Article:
Microsoft overhauls its partner program with a distinct focus on Azure

The company set out new programs for partners that entice them to sell services across six distinct cloud products and service areas.

Microsoft CEO Satya Nadella at Microsoft Inspire 2019

The Microsoft Cloud Partner Program will be focused on six areas: Azure data and artificial intelligence, Azure infrastructure, Azure digital and app innovation, business applications, “modern work” and security.

Photo: Microsoft

Microsoft is revamping its partner program and setting new recertification requirements for the 400,000-plus companies that sell and support its enterprise products and services and build their own solutions and devices around them.

The changes reflect Microsoft’s investments in the cloud as a strategic growth area and the need to align partners with the evolving requirements and buying patterns of customers, according to Rodney Clark, Microsoft’s corporate vice president of Channel Sales and channel chief.

“While we've delivered on this promise of customer value in the past, the reality is that this has shifted, especially in the last two to three years,” Clark said in a press conference Wednesday. “It's no longer us — Microsoft and our [partners] — leading our customers on this tech-intensity journey of innovation and ongoing development. It's very much our customers that are directing us based on their emerging needs.”

On Oct. 3, the current Microsoft Partner Network, which is more than 15 years old, will become the Microsoft Cloud Partner Program. The new program will be focused on six areas: Azure data and artificial intelligence, Azure infrastructure, Azure digital and app innovation, business applications, “modern work” and security.

The new two-level program will continue to be open to Microsoft’s current partners — resellers, systems integrators, managed services providers, device partners and independent software vendors — but Microsoft is changing the way it categorizes them to signal their cloud expertise and experience to customers. Those partners are a critical part of Microsoft’s success: The company previously has credited them with having a hand in 95% of its commercial revenue.

“The scale of our success that we see through our partners drives these incredible results — $28 billion in partner co-sell value in the past four years — and we continue to refine and enhance the sales motion with partners as [evidenced] by the 37% revenue growth,” said Nick Parker, corporate vice president of Global Partner Solutions.

Microsoft is retiring its Silver and Gold competencies that partners could earn to help differentiate their businesses to customers beyond a baseline partner network membership status.

The first new partner qualifying level — a “solutions partner” designation — will validate Microsoft partners that meet specific requirements for each of the six new areas. A new partner capability score will rank partners’ technical skills and performance based on their certifications, new customers added, successful deployments and overall growth. That score will be a telemetry-based calculation based on reporting in Microsoft’s Partner Center portal, and partners must earn at least 70 points out of 100 points to earn the designation. Partners now can access the portal to see their current progress toward that goal.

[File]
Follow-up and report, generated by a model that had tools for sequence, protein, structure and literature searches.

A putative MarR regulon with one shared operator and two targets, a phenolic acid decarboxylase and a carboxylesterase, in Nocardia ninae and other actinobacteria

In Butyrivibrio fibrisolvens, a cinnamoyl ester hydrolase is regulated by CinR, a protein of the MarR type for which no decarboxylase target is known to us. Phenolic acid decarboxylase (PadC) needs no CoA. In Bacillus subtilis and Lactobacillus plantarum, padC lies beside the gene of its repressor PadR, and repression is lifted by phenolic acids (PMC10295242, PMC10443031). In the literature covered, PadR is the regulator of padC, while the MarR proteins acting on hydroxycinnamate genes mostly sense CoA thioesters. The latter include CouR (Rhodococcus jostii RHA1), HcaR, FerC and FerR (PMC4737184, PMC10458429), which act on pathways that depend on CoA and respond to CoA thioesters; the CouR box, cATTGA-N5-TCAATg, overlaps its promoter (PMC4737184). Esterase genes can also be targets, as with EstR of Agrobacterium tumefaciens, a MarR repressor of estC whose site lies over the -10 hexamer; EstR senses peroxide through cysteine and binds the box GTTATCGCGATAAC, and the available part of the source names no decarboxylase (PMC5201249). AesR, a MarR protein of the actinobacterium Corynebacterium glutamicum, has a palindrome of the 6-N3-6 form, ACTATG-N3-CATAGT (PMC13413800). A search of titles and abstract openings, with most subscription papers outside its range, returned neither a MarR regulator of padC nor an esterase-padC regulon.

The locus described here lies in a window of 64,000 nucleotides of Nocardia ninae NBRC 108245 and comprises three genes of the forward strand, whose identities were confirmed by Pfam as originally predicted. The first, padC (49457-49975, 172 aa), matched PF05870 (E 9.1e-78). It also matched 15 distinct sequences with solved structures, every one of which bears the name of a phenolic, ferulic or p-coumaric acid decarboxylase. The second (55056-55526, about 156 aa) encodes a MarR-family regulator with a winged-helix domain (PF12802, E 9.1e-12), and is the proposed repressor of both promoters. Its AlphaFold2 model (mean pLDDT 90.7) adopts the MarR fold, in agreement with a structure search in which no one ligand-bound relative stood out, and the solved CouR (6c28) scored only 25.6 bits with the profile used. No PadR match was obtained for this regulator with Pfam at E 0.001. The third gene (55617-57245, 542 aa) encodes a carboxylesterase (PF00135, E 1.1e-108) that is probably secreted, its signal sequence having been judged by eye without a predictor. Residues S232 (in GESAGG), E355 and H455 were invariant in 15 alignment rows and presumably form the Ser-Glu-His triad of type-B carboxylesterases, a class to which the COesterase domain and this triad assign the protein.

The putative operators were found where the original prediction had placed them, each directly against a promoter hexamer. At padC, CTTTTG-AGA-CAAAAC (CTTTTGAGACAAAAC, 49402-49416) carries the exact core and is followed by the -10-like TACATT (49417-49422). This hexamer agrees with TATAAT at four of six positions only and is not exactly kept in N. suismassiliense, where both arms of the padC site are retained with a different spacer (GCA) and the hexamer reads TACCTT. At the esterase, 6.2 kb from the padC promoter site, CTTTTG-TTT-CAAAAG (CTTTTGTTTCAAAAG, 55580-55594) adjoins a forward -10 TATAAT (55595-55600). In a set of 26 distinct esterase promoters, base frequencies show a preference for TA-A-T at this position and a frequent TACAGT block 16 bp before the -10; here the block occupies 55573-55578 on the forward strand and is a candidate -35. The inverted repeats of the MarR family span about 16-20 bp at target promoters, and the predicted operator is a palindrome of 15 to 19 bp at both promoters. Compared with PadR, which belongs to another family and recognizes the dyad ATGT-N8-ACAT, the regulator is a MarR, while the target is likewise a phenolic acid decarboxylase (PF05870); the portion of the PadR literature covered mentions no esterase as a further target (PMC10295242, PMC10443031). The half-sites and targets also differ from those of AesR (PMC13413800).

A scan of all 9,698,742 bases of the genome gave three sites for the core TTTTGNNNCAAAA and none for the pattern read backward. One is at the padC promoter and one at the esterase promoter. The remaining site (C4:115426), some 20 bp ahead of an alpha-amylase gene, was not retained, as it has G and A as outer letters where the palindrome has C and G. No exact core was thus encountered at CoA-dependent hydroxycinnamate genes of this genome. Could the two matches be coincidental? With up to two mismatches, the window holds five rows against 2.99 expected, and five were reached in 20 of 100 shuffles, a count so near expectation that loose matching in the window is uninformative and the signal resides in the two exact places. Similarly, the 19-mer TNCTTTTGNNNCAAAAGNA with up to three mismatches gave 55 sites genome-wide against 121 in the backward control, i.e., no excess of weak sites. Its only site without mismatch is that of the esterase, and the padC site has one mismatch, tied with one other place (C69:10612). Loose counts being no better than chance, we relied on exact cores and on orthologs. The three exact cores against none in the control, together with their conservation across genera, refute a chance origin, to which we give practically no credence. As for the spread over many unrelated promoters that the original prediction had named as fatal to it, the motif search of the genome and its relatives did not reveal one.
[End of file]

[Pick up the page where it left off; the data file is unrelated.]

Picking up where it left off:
“From there, we provide technical skilling if there's a gap that we need to close to help them get to 70 points,” Clark said. “There's proactive support to help partners navigate exactly where they need to go and how they need to invest in order to get there.”

The three Azure-related solutions partner designations — infrastructure, data and artificial intelligence, and digital and app innovation — also will be prerequisites for the Azure Expert MSP program beginning Oct. 3.

Microsoft’s second new partner qualifying level will include specializations — renamed from the current advanced specializations — and expert programs. They will recognize partners’ deep technical expertise and experience in specific technical scenarios under each solution area. The solution partner designation will be a prerequisite for earning specializations.

Microsoft stressed that there will be no immediate changes to partners’ business or program statuses, including anniversary dates, prior to October. Partners’ incentive eligibility will not change in the program year that runs from October 2022 to September 2023.

“It's important to know that as part of this evolution, we're not removing any benefits that partners receive today,” Clark said. “In fact, we're increasing investment in our program by more than 25%.”

In addition to renewing benefits they're already using, partners will be able to access new customized benefits packages, according to Microsoft. They’ll also continue to receive internal use rights licenses — which will be called “product benefits” — including on-premises licenses, cloud service subscriptions and Azure credits.

SAP specialist Lemongrass adopted a multi-cloud strategy last October and started partnering with Microsoft and Google Cloud after working as an AWS-only shop. Its acquisition this year of Wharfedale Technologies, which specializes in the migration and management of SAP on Microsoft Azure, jump-started its Microsoft partnership.

“Microsoft has given us a lot of love, and they’ve helped us navigate through what is a very large company,” said Tim Wintrip, chief sales officer. “They’ve given us a lot of help in understanding how they work, understanding their tools, helping us engage in different programs to better engage with their sellers. There’s been good collaboration at the engineering level as well.”

Microsoft’s partner program overhaul follows controversial changes associated with its New Commerce Experience platform that included adding a premium on monthly Microsoft 365 subscriptions purchased through partners in its Cloud Solution Provider program.

Partners have until Sept. 30 to decide whether to join the Microsoft Cloud Partner Program or renew their legacy Microsoft Partner Network benefit status for another year.

“We are engaging with our ecosystem and giving plenty of time for our partners to understand where and how they should be investing,” Clark said. “We want to make sure that our ecosystem, who contributes so much to our commercial success, is set up for success — that we don't allow competitors to come in and basically, through their set of offerings or their capability, impact the value that we deliver to customers.”

This story was updated to add comments from Lemongrass and to correct the age of the Microsoft Partner Network.